Significance and Background: Individuals carrying germline mutations in genes associated with inherited cancer predisposition syndromes have significantly increased cancer risks. The National Comprehensive Cancer Network has published cancer risk management guidelines for mutation-positive patients and for cancer survivorship.1-3 Compliance with screening and/or prophylactic surgical intervention is known to reduce cancer incidence.4-11 Ongoing patient follow-up through oncology patient navigation is essential and has been shown to increase patient compliance and uptake of cancer survivorship.12
Purpose: The UT Southwestern Cancer Genetics Program implemented a genetic patient navigator (GPN) to assess patients’ barriers to care, assist patients in identifying resources to increase compliance, promote healthy lifestyle education, and assist with coordination of cascade testing for at-risk relatives. Making individual patient contacts, however, required more time than initially anticipated, thus leading to a smaller volume of patients contacted than expected. An electronic survey was developed as an alternative method to maximize reach and to analyze various metrics associated with this alternate tool to determine effectiveness.
Intervention: The intent of this study was to assess the feasibility of using an electronic HIPAA-compliant patient questionnaire to evaluate self-reported patient compliance and barriers to care with hereditary predisposition management guidelines. A survey was e-mailed in October 2019 to 784 mutation-positive patients for whom e-mail addresses were available; completed surveys were linked with a unique ID for each patient. Information attached to the survey included up-to-date hereditary predisposition management guidelines, healthy lifestyle resources, local survivorship program information, cascade testing, as well as GPN contact information.
Evaluation: Three attempts to contact patients (once every 2 weeks) were made via e-mail. Of 784 surveys sent, 36 (4.6%) were returned due to an invalid e-mail address. Of the remaining 748 questionnaires, 226 (30.2%) were completed. Seventy-six patients (33.6%) who completed questionnaires requested assistance with 136 genetic patient navigation services. An additional 32 surveys (4.3%) were partially completed or accessed only. Work is ongoing to assess compliance and activate GPN patient assistance.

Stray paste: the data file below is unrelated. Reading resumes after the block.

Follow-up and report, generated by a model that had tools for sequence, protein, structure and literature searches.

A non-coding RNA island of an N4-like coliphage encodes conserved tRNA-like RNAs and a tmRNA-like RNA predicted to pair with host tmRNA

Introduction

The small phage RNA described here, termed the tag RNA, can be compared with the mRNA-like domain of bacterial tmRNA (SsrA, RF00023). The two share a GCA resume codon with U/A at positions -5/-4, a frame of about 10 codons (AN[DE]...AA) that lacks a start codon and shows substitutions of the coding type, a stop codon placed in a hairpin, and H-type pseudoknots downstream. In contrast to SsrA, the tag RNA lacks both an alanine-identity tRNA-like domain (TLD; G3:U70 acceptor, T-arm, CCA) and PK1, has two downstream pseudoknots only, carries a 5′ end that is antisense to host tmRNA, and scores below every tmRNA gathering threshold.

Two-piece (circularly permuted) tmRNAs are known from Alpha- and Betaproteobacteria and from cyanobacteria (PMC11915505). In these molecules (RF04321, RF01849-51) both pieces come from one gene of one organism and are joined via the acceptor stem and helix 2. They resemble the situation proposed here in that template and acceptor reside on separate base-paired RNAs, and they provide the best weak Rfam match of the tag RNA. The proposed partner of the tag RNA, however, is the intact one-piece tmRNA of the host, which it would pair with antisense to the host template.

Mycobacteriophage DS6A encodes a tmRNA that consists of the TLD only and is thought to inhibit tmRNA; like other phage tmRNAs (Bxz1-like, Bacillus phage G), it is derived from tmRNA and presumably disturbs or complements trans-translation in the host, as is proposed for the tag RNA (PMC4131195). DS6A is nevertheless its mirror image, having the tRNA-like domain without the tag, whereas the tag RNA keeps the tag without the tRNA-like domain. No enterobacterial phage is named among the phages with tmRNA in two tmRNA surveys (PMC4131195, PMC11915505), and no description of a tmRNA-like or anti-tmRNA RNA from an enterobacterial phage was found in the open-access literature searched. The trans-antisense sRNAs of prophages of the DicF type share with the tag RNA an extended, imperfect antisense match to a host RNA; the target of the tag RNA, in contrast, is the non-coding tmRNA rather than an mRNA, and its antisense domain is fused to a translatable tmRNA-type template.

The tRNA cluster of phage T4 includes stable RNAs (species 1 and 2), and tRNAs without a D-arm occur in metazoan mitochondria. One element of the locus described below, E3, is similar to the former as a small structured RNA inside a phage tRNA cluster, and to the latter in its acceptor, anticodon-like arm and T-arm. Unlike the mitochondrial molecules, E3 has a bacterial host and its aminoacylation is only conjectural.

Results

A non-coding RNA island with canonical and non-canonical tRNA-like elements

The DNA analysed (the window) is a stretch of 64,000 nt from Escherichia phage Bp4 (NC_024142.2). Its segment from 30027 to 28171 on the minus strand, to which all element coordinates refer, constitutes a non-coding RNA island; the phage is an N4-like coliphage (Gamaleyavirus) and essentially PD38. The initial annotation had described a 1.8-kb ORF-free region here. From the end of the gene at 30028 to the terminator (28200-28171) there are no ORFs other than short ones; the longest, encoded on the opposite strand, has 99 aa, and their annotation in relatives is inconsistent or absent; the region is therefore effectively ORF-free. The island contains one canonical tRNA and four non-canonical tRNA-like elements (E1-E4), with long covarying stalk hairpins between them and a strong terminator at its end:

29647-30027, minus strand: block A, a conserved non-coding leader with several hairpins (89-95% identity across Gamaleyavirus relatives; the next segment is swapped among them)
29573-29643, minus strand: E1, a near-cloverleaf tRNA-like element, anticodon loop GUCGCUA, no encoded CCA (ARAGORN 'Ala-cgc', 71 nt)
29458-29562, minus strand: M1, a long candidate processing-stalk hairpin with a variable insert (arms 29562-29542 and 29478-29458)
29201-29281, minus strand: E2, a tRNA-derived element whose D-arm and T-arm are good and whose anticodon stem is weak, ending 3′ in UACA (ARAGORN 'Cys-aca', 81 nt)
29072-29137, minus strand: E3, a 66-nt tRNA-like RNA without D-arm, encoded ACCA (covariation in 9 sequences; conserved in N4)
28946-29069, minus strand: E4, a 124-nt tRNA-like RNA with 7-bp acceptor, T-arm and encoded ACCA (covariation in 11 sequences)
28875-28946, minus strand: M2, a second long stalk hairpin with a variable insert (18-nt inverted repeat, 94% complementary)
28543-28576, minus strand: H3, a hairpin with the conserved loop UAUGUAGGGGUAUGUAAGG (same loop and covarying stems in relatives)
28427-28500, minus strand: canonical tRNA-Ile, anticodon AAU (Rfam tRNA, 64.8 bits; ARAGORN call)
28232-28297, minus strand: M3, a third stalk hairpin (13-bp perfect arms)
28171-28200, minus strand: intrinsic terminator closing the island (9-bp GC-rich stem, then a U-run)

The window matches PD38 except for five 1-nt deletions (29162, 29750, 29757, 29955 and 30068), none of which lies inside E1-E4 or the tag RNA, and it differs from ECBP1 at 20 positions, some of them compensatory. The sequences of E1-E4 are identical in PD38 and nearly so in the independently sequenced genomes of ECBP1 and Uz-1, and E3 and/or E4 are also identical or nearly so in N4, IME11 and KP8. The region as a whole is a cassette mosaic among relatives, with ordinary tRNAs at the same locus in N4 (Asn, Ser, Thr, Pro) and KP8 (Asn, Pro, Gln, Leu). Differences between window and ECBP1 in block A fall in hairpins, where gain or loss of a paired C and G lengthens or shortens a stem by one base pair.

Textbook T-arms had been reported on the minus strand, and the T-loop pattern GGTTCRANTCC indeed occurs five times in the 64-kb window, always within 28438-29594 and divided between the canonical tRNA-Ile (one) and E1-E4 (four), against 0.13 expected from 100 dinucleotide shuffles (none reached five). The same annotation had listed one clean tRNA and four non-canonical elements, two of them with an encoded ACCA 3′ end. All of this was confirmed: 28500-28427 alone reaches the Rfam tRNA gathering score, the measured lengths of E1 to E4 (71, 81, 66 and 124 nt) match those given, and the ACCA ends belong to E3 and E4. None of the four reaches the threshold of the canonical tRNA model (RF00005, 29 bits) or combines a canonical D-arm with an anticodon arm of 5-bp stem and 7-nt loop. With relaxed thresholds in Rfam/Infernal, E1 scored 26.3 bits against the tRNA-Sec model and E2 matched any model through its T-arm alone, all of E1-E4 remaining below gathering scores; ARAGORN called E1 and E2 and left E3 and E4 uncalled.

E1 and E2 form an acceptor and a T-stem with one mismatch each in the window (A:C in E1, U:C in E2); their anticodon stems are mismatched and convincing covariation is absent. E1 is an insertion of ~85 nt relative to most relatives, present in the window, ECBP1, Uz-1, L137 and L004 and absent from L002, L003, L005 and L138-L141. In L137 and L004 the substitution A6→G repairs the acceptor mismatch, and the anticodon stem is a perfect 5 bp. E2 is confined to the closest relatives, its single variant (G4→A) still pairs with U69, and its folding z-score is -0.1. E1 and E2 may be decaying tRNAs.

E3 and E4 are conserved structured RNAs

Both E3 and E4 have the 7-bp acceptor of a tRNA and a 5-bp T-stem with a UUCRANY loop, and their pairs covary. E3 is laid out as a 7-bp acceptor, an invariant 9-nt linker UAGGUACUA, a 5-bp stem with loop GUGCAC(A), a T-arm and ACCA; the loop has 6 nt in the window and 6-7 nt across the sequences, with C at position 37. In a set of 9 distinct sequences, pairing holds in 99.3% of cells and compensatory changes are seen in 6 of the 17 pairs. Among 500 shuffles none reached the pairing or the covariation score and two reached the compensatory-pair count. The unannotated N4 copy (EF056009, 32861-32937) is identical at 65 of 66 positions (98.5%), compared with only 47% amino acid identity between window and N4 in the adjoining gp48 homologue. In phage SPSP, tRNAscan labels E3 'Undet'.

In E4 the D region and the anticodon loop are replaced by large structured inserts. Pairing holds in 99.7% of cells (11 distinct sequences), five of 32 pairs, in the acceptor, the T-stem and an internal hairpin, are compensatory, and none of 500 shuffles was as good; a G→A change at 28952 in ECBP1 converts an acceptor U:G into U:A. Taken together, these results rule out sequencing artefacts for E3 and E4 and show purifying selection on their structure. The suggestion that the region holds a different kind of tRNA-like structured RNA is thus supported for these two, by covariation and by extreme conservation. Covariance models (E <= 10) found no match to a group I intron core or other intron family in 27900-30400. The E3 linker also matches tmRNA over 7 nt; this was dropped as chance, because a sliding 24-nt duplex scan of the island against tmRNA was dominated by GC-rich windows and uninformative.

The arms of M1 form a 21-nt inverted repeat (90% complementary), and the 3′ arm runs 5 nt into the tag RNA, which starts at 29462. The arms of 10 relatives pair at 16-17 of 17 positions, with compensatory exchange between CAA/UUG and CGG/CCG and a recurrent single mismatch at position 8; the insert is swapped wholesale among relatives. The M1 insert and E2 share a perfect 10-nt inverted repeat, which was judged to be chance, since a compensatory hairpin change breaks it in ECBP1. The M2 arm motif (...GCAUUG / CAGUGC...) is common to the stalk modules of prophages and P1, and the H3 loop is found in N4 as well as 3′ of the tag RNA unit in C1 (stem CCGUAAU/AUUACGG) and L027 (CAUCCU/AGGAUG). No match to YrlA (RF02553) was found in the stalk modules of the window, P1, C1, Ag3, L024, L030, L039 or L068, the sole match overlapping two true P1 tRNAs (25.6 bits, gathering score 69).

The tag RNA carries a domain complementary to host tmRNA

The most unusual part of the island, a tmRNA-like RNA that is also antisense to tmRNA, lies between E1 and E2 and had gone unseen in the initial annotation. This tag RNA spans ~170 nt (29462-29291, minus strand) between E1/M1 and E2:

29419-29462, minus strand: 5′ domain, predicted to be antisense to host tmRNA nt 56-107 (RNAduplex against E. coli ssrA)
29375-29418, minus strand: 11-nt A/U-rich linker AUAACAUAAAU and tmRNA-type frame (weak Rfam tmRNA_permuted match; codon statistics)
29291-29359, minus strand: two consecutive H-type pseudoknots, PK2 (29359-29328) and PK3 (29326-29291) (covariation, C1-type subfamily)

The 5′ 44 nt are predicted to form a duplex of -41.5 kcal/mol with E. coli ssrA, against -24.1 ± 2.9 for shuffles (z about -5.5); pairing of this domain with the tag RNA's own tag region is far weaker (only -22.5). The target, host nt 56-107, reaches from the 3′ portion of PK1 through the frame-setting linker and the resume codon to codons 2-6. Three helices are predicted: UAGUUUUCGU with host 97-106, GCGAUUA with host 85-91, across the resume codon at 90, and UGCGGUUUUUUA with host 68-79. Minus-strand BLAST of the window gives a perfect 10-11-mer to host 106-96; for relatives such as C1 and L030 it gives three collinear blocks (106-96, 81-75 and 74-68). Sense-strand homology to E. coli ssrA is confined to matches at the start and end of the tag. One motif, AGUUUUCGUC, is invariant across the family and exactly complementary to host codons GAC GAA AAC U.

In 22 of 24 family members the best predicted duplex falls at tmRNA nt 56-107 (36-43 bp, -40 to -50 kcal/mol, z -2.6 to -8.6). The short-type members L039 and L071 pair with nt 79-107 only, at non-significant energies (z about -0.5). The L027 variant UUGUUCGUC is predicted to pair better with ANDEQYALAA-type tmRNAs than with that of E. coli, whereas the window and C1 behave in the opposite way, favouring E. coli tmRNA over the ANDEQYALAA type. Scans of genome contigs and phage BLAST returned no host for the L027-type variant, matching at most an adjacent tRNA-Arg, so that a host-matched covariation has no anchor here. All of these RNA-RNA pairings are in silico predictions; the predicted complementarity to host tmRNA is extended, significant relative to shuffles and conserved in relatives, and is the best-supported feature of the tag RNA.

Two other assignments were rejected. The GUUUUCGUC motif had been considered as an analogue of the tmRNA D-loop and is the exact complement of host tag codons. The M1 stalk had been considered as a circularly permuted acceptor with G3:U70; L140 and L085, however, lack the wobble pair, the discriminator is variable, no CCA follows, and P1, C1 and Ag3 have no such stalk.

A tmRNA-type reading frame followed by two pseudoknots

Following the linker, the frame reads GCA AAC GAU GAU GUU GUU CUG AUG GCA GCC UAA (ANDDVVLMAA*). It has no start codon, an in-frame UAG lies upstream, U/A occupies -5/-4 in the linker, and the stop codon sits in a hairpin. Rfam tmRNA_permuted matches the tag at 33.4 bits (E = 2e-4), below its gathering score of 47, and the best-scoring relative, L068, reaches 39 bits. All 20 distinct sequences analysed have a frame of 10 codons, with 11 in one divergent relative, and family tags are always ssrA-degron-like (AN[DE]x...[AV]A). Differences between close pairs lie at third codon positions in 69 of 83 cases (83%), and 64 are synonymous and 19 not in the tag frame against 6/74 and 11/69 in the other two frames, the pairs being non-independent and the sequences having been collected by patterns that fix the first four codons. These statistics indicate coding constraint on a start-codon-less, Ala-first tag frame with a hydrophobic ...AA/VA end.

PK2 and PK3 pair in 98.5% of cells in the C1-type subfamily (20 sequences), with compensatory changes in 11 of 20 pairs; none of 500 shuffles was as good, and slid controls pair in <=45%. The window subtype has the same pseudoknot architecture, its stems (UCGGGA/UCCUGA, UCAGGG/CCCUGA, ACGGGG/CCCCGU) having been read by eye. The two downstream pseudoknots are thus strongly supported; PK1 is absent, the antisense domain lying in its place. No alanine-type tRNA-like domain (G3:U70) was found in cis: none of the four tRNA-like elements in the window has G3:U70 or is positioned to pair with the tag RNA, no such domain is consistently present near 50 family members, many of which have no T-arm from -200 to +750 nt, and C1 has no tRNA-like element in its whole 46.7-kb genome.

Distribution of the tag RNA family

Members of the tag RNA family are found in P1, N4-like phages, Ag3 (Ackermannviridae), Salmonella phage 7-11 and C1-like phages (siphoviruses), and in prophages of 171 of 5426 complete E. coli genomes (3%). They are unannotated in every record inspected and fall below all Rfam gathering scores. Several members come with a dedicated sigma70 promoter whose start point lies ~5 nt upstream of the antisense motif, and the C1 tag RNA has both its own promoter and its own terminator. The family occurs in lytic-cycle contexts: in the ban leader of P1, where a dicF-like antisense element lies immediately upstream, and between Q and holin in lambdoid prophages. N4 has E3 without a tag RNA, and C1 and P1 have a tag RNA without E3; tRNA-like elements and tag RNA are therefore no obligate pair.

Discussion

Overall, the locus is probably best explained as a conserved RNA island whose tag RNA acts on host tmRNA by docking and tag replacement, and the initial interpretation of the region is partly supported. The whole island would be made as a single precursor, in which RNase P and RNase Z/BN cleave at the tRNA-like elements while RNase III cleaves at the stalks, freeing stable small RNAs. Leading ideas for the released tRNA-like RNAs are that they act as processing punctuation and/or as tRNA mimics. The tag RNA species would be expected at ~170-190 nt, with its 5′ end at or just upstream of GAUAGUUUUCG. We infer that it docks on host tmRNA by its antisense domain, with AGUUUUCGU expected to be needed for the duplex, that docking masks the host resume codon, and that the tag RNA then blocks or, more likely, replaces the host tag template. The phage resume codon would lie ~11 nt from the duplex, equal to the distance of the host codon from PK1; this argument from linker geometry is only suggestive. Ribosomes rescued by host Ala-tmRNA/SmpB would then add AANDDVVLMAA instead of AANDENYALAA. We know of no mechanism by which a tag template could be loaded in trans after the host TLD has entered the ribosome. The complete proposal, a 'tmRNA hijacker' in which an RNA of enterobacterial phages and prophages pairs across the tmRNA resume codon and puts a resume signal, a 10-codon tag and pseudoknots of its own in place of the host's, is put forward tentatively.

Discussion/Innovation: Utilization of this innovative electronic initiative was successful in reaching a large number of our targeted population. The survey allowed for more efficient identification of patient compliance and needs, providing resources, and is allowing the GPN to focus her services in a more productive manner.
- National Comprehensive Cancer Network. NCCN Clinical Practice Guidelines in Oncology (NCCN Guidelines). Genetic/Familial High-Risk Assessment: Breast, Ovarian, and Pancreatic. Version 1.2020.
- National Comprehensive Cancer Network. NCCN Clinical Practice Guidelines in Oncology (NCCN Guidelines). Genetic/Familial High-Risk Assessment: Colorectal. Version 3.2019.
- National Comprehensive Cancer Network. NCCN Clinical Practice Guidelines in Oncology (NCCN Guidelines). Survivorship. Version 2.2019.
- Li X, You R, Wang X, et al. Effectiveness of prophylactic surgeries in BRCA1 or BRCA2 mutation carriers: a meta-analysis and systematic review. Clin Cancer Res. 2016;22:3971-3981.
- Finch AP, Lubinski J, Møller P, et al. Impact of oophorectomy on cancer incidence and mortality in women with a BRCA1 or BRCA2 mutation. J Clin Oncol. 2014;32:1547-1553.
- Rebbeck TR, Kauff ND, Domcheck SM. Meta-analysis of risk reduction estimates associated with risk-reducting salpingo-oophorectomy in BRCA1 or BRCA2 mutation carriers. J Natl Cancer Inst. 2009;101:80-87.
- Kauff ND, Domchek SM, Friebel TM, et al. Risk-reducing salpingo-oophorectomy for the prevention of BRCA1- and BRCA2-associated breast and gynecologic cancer: a multicenter, prospective study. J Clin Oncol. 2008;26:1331-1337.
- Brenner H, Chang-Claude J, Jansen L, et al. Reduced risk of colorectal cancer up to 10 years after screening, surveillance, or diagnostic colonoscopy. Gastroenterology. 2014;146:709-717.
- Jacob BJ, Moineddin R, Sutradhar R, et al. Effect of colonoscopy on colorectal cancer incidence and mortality: an instrumental variable analysis. Gastrointest Endosc. 2012;76:355-364.
- Kahi CJ, Imperiale TF, Juliar BE, Rex DK. Effect of screening colonoscopy on colorectal cancer incidence and mortality. Clin Gastroenterol Hepatol. 2009;7:770-775.
- Nishihara R, Wu K, Lochhead P, et al. Long-term colorectal-cancer incidence and mortality after lower endoscopy. N Engl J Med. 2013;369:1095-1105.
- Pratt KA. Impact of genetic patient navigation to facilitate hereditary mutation carriers comply with NCCN management guidelines and to enable healthy behaviors. Journal of Oncology Navigation & Survivorship. 2019;10(11):442-443.